The judges’ citation reads as follows: This is a book that deserves praise on many counts. It has been many years in the making and that long, quiet maturing can be sensed on every page. It has an unmistakable gravitas. One marvels at the enormous range of its meticulously assembled data, drawn from medieval and early modern archival sources, travellers’ accounts, chronicles and modern scientific research. The author’s primary sources alone feature a daunting array of languages: Ottoman Turkish, Arabic, Persian, Italian, French, Spanish and English; and the secondary sources listed in her bibliography are nothing short of monumental. This is a deeply learned book. But it is much more than that, for it is written with passion, whether it deals with fleas, lice and rats or with the gradual development of Islamic medical knowledge or with the workings of the Ottoman bureaucracy or how plague impacted on specific communities, such as the Christian and Jewish minorities. Along the way there are piercing insights into the Ottoman judicial system, funerary customs, public health, trade, travel and religious beliefs and practices. The book is carefully structured. The first part outlines the historical background and lays out the aims of the entire study; the second looks at the connection between Ottoman territorial expansion and outbreaks of the plague, revealing the role of Istanbul as a hub of the plague; and the third chronicles how plague affected Ottoman society. Each chapter ends with a brief summary of the discussion. Through the lens of plague epidemics, then, Ottoman society springs into vivid and arresting life. And the Mediterranean itself is revealed as a unified disease zone. Traditionally, despite the work of scholars like Dols and Conrad on the Islamic Near East, the history of plague epidemics has been dominated by European scholarship that has confined itself to the European experience. Now Varlık, with her sustained analysis of three great Ottoman pandemics and her steady focus on the great metropolis of Istanbul, has opened a window on a much wider world. What a bonus, too, that this pioneering book is written in clear, plain, expository English, with no frills and no ostentation. Technical terms are carefully defined and the reader never feels that the mass of data gets in the way of the narrative. And who could possibly miss the relevance of this wonderfully detailed study to our own day, when we consider the vulnerability of our societies to the increasing hazards of epidemics across the globe?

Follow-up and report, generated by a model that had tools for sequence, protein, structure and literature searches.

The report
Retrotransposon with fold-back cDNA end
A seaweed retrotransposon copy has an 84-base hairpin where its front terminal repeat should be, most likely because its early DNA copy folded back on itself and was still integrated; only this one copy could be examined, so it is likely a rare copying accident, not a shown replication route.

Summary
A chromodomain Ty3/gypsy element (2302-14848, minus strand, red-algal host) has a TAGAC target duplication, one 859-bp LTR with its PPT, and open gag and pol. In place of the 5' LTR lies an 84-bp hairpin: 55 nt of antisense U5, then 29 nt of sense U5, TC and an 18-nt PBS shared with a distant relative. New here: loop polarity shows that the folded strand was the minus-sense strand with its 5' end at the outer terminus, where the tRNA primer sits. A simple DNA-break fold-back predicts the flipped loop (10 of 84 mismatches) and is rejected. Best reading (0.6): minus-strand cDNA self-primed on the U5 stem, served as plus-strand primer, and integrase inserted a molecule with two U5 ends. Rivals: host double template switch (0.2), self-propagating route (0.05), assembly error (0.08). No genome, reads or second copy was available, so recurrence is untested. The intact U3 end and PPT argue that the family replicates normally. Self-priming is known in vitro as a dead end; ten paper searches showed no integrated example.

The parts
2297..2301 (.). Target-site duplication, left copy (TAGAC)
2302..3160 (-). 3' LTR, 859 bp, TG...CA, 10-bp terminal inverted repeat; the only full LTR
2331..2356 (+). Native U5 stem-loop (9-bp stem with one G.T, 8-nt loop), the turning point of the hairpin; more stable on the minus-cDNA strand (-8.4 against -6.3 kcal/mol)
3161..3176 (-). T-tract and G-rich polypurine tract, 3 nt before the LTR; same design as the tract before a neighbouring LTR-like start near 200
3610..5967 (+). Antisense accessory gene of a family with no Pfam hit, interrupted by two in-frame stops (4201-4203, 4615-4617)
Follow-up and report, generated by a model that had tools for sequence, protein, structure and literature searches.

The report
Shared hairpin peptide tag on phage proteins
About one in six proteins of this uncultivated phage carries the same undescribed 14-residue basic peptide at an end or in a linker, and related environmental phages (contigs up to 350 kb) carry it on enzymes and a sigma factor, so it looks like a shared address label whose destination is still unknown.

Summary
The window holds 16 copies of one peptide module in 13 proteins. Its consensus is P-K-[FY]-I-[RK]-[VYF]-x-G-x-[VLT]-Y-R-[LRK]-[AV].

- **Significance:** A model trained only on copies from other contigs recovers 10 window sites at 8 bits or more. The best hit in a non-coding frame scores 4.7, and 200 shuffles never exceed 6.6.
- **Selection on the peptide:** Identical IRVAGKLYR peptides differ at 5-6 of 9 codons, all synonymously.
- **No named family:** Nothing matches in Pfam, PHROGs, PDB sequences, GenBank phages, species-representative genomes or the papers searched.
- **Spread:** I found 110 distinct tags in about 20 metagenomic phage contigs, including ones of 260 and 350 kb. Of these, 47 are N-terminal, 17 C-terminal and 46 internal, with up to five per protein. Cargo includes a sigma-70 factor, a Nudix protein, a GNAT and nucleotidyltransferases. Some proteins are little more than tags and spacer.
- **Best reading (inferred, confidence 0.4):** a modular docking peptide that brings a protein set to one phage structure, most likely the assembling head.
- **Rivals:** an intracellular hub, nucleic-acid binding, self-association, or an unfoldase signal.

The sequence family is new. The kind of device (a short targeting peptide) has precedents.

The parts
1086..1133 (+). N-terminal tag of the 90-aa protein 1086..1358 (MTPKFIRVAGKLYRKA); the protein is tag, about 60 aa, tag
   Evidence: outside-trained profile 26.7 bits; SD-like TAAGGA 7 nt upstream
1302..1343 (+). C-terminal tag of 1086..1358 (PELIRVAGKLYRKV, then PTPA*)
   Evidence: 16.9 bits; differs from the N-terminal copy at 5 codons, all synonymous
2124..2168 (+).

As a footnote, I should like to add that Professor Varlik’s book has achieved wider academic recognition, winning the Middle East Studies Association’s 2016 Albert Hourani Book Award, along with the 2016 Koprulu Book Prize, awarded by the Ottoman and Turkish Studies Association. We send her our warmest congratulations on these well-deserved successes.
Simon Barton, Professor of History, University of Central Florida
President of the Society for the Medieval Mediterranean
2015 DionIsius A. Agius Prize:
Cecily J. Hilsdale, Byzantine Art and Diplomacy in an Age of Decline, Cambridge University Press (2014).
In this book, Cecily J. Hilsdale subjects a well-known phenomenon, the inexorable political and financial decline of the Byzantine “empire” after the Latins had left Constantinople, to a series of unexpected and exciting investigations. In particular, she shows how the Byzantines, lacking real wealth and military clout, chose diplomacy and gift-giving as their weapons of choice in dealing with other polities. In particular, they exploited the unparalleled technical skill of Byzantine artists in the capital – and in the capital alone – in mastering recondite and exotic materials, and created political capital from those rare skills. In developing these two complementary themes, the author controls an astonishing variety of material – historical chronicles, Byzantine court ceremonial, epigraphy, numismatics, iconography, relics, textiles, mosaics, manuscripts and much more. The combination of close-focus textual work and art-historical analysis results in an absolute tour de force.